By: Mateusz Perkowski
Ceres Inc. has developed a biotech variety of sorghum for ethanol production but USDA is thinking of regulating it as a noxious weed.
Genetically modified sorghum used for ethanol production doesn’t fall under USDA’s biotechnology regulations, but the agency may still restrict the crop as a noxious weed.
Ceres Inc., a biotech company, inserted genetic information from several sources into the sorghum variety using a “gene gun,” avoiding the use of a soil pathogen to transfer genes.
The USDA has agreed that the genetically engineered sorghum isn’t a potential plant pest and thus cannot be restricted on that basis, but the agency has nonetheless considering regulating the crop as a noxious weed and “will discuss that subject in a separate communication,” according to a letter recently disclosed to the public.
Plant pests are viruses, bacteria or fungi that can cause disease within the plant, while noxious weeds are defined more generally as plants that damage crops or livestock.
Ceres’ biotech cultivar “produces greater biomass and contains more fermentable sugars than non-genetically modified sorghum checks, thereby offering a higher yield potential,” the company said in a letter requesting regulatory clarity from USDA.
It was transformed with synthetic genetic material and genes from mouse ear cress, which is considered a mustard weed, as well as other sorghum plants, the company said.
Capital Press was unable to reach Ceres for comment.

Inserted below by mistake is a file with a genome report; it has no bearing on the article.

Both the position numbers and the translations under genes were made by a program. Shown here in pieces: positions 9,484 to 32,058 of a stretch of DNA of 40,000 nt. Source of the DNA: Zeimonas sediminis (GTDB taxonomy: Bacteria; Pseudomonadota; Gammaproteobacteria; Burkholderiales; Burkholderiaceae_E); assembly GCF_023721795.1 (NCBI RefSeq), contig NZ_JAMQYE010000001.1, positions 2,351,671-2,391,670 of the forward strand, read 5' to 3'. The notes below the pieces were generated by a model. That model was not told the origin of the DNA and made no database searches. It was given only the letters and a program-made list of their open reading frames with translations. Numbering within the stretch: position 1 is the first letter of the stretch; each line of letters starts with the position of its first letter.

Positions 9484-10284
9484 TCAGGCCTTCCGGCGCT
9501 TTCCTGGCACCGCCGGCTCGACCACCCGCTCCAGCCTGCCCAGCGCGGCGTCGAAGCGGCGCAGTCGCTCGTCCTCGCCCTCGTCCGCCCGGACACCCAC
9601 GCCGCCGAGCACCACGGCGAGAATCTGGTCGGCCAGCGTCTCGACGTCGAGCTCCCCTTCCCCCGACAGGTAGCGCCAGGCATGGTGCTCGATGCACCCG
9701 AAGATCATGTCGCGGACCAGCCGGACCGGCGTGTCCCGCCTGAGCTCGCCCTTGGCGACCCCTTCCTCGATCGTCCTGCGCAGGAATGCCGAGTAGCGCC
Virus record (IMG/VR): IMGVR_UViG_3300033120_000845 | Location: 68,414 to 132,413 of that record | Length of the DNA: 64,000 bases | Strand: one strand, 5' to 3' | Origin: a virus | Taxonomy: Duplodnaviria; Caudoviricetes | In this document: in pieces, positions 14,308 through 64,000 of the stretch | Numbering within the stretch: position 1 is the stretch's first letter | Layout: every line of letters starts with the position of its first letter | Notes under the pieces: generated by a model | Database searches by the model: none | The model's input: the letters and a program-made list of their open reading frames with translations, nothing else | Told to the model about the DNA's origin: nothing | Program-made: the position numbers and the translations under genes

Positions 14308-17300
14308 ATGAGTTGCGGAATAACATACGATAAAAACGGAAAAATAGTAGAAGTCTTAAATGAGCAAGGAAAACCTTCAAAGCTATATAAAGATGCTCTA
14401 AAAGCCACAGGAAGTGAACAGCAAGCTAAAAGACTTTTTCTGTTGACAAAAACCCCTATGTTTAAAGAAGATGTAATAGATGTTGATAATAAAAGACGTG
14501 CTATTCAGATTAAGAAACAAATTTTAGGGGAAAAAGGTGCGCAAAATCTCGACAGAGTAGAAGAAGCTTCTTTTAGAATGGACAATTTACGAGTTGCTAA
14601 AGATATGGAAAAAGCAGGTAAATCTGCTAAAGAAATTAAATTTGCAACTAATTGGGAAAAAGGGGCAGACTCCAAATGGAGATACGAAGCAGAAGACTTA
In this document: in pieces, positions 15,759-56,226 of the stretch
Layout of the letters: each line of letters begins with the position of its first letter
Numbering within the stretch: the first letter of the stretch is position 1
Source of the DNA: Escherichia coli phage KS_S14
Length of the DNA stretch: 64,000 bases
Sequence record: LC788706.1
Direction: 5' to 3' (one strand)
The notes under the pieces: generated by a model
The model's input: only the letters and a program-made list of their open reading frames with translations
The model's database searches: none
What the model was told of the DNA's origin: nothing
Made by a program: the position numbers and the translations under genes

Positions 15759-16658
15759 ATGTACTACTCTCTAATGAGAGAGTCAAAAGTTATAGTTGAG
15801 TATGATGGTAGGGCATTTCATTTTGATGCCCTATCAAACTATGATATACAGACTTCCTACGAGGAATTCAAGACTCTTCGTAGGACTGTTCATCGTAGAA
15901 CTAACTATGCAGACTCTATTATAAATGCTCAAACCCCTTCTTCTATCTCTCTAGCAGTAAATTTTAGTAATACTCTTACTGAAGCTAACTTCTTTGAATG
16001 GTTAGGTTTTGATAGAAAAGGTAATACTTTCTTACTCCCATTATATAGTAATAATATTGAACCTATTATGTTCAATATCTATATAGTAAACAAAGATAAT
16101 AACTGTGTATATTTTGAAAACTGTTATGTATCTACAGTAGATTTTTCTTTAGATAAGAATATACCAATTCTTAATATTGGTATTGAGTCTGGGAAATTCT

Ceres already has sorghum varieties available for sale, but the company is struggling financially, according to documents submitted to the U.S. Securities and Exchange Commission.
In its 2014 fiscal year, the company’s product sales dropped to $146,000, down nearly 70 percent from the previous year, which the company attributes to “changes and reductions in our sales incentive and promotional programs,” Ceres said in a regulatory filing.
Revenue from collaborative research and government grants fell by more than half, to $2.26 million, as Ceres completed various projects, the document said.
Ceres’ overall income was surpassed by the cost of product sales, research costs and administrative expenses, resulting in more than $29 million in losses in fiscal 2014, according to the documents.
Since the company raised $65 million with an initial public offering of its stock in early 2012, its share price has dropped from about $15 to less than 25 cents.